Stephen Gottlieb: New Year's Wish For The Green New Deal | WAMC

Stephen Gottlieb: New Year's Wish For The Green New Deal

Jan 5, 2021

For my own peace of mind I’m going to go ahead with the commentary I planned about global warming rather than the latest anti-American actions of the person in the White House, so:

My New Year’s wish is to solve our climate change problem across the board. We need a Green New Deal and mustn’t let fear stop us from solving the biggest existential problem facing America. Climate change already floods homes in the Mississippi valley and New Orleans, burns Californians out of theirs, bankrupts farmers, and is sinking Florida, Cape Cod, lowland cities, coastal property, and handing us huge bills just to rebuild those areas without slowing the impact of climate change.

The Green New Deal is a resolution, not a statute, and needs work to fill it out. To summarize an elaborate proposal, the Resolution would make it a federal duty to “eliminat[e] pollution … greenhouse gas[es]” and other sources of climate change “as much as technologically feasible,” and build clean replacement technology in ways that support new jobs, family farming and healthier living. The online text of this commentary includes links to the Resolution’s text and the New York Times’ excellent description of its provisions.

Descriptions by political critics are full of nonsense. Every aspect of the Green New Deal builds on existing technologies and puts money and resources into getting them into operation. One of my relatives tracks the advantages and immanent crossover to electric over gas-guzzling cars, initially driven by regulation and incentives but now with a life of its own. One of our friends has been deeply involved in capturing greenhouse gasses from dairy farms and other livestock operations. The Green New Deal is absolutely doable. What’s missing are the incentives.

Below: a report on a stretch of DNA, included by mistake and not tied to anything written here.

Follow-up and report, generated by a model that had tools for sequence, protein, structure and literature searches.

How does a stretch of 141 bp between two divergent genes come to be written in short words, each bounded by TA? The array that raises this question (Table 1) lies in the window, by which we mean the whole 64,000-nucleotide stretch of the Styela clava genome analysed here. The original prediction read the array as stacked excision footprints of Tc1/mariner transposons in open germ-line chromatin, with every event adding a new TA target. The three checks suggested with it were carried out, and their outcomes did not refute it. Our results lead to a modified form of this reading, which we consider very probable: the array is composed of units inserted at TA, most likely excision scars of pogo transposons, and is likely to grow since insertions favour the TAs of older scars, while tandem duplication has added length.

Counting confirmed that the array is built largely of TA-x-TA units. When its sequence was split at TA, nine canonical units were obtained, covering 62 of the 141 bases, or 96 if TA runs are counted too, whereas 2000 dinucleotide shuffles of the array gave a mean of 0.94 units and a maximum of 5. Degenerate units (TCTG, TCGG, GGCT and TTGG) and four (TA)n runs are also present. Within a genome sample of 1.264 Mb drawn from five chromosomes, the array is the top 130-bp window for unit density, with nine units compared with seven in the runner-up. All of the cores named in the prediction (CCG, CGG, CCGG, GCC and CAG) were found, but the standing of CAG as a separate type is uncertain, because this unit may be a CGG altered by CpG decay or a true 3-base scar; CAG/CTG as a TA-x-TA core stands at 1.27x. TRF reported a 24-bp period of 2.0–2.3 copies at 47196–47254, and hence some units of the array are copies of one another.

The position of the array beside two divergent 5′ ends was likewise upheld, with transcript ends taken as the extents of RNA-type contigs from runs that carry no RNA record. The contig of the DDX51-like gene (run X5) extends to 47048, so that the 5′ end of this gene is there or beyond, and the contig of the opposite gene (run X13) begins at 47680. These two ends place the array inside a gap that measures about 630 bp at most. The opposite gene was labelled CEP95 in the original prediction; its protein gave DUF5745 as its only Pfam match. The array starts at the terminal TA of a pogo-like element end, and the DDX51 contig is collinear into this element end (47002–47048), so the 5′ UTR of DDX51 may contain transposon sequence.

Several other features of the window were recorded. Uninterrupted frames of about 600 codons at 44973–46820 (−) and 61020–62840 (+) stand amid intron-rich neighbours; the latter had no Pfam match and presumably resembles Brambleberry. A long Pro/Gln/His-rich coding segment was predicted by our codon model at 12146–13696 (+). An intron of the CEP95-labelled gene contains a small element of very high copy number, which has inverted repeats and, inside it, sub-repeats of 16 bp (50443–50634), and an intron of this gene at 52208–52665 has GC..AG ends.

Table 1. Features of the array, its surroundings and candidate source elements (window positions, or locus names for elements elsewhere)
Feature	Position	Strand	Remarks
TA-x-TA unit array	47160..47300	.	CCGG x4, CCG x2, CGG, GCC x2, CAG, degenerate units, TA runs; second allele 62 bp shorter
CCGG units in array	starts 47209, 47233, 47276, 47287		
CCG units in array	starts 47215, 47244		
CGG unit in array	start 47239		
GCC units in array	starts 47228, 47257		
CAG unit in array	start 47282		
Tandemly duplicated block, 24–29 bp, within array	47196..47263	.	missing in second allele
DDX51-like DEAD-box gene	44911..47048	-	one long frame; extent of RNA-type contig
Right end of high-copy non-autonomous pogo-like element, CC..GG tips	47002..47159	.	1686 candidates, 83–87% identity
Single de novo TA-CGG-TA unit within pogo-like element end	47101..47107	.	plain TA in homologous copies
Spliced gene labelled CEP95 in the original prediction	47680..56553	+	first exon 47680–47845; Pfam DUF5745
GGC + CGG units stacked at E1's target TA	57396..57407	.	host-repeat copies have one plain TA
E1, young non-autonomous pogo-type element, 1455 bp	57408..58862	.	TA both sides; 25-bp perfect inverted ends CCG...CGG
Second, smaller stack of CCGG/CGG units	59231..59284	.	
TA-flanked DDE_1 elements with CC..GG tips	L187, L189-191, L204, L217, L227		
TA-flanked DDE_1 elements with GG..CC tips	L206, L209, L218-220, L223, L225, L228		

We can afford the Green New Deal and need it. Once created, the jobs Americans need become part of tax producing economic activity. Since the 18th century, Americans understood that some progress couldn’t be made without government investment. Government became a major stockholder to get many enterprises going. It built projects too large for private industry, and projects with such broad public and economic benefits that the cost couldn’t be paid by charging and collecting tolls from all beneficiaries.

People go ape over the word “tax” but whether taxes disadvantage people depends on whether the shills of corporate powerhouses refuse to let their clients pay their full share. That battle is not exclusive to environmental projects and your taxes won’t be cut down by blocking progress. Actually, I’d go one better with a carbon tax so the incentive to use clean energy and other products is systemic, not piece by piece.

The Green New Deal is necessary so we, our children and grandchildren can continue to breathe, drink, work and survive. It’s a major nationwide path to jobs. And it’s doable – every aspect builds on existing technology by adding effort and incentives. The Green New Deal could put the US back in the lead in economic development; resisting it will pass the economic baton to Russian Siberia which is becoming livable while we’re losing our crucial climate advantages.

By contrast, the climate crisis aggravates virtually every problem, including the waves of refugees whose desperation forces them to move despite the obstacles, so the Green New Deal can help ease the refugee crisis.

Don’t let politically manufactured hobgoblins and other scary stories stop the real progress we need. Problems don’t go away because we refuse to deal with them; they just get worse.

And my New Year’s toast is let this be the last we’ll hear from disloyal people in the White House.

Steve Gottlieb’s latest book is Unfit for Democracy: The Roberts Court and The Breakdown of American Politics. He is the Jay and Ruth Caplan Distinguished Professor Emeritus at Albany Law School, served on the New York Civil Liberties Union board, on the New York Advisory Committee to the U.S. Civil Rights Commission, and as a US Peace Corps Volunteer in Iran.

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